Japan is a safe, clean country for travelers, with good drinking water and no major water- or insect-borne diseases. Drugs and medications are widely available at drugstores, although the brand names and instructions are in Japanese, so if you’re on regular medication, take along enough supplies to cover the trip. As with any international travel, be sure to bring your prescription or a doctor’s note just in case. Condoms are sold widely, but they may not have the brands you're used to. Speak with your physician and/or check the CDC or World Health Organization websites for health alerts, particularly if you're pregnant or traveling with children or have a chronic illness.

Specific Issues in Japan

Japan is basically a safe country for travelers. But there is chance of being caught up in an earthquake. Information on earthquakes is broadcast (in Japanese) as news flashes on television within minutes, and during major disasters national broadcaster N.H.K. broadcasts information in English on radio and television. Minor tremors occur nearly every month, and sometimes train services are temporarily halted. Check emergency routes at hotels and higher ground if staying near coastal areas.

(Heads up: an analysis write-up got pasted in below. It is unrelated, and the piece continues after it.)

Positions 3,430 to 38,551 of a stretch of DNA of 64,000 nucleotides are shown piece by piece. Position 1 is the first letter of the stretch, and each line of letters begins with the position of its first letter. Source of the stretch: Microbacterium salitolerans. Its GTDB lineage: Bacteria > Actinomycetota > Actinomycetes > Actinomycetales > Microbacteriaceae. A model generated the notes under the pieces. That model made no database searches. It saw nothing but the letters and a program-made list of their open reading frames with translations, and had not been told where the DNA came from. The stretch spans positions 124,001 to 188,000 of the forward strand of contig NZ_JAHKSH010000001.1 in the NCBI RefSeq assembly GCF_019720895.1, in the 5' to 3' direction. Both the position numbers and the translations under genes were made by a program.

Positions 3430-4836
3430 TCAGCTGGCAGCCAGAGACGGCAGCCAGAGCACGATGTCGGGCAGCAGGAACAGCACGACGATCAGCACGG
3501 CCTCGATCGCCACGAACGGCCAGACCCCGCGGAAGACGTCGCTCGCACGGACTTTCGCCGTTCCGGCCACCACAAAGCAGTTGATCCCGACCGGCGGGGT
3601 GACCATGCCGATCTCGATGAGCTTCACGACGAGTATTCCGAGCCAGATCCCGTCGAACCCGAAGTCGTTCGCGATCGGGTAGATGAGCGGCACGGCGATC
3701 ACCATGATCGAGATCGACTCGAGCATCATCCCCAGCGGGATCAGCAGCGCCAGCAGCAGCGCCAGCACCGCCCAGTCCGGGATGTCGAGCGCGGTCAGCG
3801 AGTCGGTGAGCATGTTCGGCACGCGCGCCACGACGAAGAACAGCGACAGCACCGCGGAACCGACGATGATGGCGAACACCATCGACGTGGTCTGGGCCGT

Mosquitoes can be a minor irritation during the rainy season, and while there is no risk of malaria there have been cases of dengue fever and Japanese encephalitis in recent years. If you are staying for a prolonged period, and spending time in rural Japan, the Japanese encepahlitis vaccine is recommended. Most ryokans will provide antimosquito coils or an electric-powered spray.

Over-the-Counter Remedies

It may be difficult to buy the standard over-the-counter remedies you're used to, so it's best to bring with you any medications (in their proper packaging) you may need. Medication can be bought only at pharmacies in Japan, but every neighborhood seems to have at least one. Ask for the yakyoku. Pharmacists in Japan are usually able to manage at least a few words of English and certainly able to read some, so have a pen and paper ready, just in case. In Japanese, aspirin is asupirin and Tylenol is tairenoru. Following national regulations, Japanese drugs contain less potent ingredients than foreign brands, so the effects can be disappointing; check advised dosages carefully.

Previous Travel Tip


Next Travel Tip


Trending Stories


Find a Hotel


Fodor's Tokyo: with Side Trips to Mt. Fuji, Hakone, and Nikko

View Details